A person's credit rating refers to an assessment of their creditworthiness, i.e. to what extent (both in time and money) they can be allowed credit for amounts due. Credit ratings were traditionally temporary. private affairs and were discussed between banks and potential vendors with the knowledge and agreement of the person in question. In recent years a noxious tendency to 'trade' in credit ratings has occurred. Firms specialize in establishing the credit ratings of individuals through information gleaned from various sources, e.g. county courts, bankruptcy proceedings, lists provided by professional debt collectors, hire purchase companies, etc. These ratings are made without the consent or even the knowledge of the subject and can be made available to third parties. Some legal steps have been taken to reverse this trend and redress wrongs done to innocent individuals by inserting a clause in the UK Consumer Credit Act 1974. This States that consumers have a prima facie right to a copy of any information about them in the possession of a credit reference agency. They also have the right to have such information corrected if it is incorrect.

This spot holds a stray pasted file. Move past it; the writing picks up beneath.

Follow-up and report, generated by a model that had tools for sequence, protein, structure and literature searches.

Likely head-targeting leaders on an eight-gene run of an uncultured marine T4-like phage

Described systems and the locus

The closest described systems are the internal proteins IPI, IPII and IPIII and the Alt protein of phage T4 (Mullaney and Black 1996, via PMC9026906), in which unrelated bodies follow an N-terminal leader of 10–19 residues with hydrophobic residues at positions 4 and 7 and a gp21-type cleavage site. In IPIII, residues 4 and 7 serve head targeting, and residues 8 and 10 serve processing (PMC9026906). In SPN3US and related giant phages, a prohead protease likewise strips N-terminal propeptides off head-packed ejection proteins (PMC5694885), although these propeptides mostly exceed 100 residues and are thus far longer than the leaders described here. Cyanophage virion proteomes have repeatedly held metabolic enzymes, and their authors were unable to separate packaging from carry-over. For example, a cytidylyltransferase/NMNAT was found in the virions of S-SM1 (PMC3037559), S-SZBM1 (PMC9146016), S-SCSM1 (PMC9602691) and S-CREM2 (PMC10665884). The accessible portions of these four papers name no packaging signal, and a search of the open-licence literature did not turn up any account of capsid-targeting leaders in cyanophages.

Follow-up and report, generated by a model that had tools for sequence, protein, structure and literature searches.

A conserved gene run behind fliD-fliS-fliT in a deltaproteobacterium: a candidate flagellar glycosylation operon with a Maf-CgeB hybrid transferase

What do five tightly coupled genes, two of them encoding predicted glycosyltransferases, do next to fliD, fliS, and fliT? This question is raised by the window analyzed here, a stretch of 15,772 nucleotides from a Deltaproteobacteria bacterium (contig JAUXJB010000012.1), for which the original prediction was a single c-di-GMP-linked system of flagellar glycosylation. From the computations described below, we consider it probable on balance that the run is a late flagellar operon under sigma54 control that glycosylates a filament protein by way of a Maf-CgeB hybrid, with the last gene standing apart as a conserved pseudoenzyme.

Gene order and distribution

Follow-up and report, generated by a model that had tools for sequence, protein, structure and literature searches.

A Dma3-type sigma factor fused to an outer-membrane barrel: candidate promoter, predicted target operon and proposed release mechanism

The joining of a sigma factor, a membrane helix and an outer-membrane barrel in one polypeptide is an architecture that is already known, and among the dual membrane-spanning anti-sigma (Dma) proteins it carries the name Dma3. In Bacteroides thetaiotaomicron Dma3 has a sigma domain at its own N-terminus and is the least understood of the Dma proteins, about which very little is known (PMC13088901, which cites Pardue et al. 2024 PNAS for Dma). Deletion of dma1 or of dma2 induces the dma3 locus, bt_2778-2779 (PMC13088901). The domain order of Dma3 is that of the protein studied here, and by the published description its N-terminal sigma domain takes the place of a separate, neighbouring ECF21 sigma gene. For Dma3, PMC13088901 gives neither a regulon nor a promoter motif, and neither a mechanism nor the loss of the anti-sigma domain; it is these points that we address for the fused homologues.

|Reference: The Penguin Business Dictionary, 3rd edt.|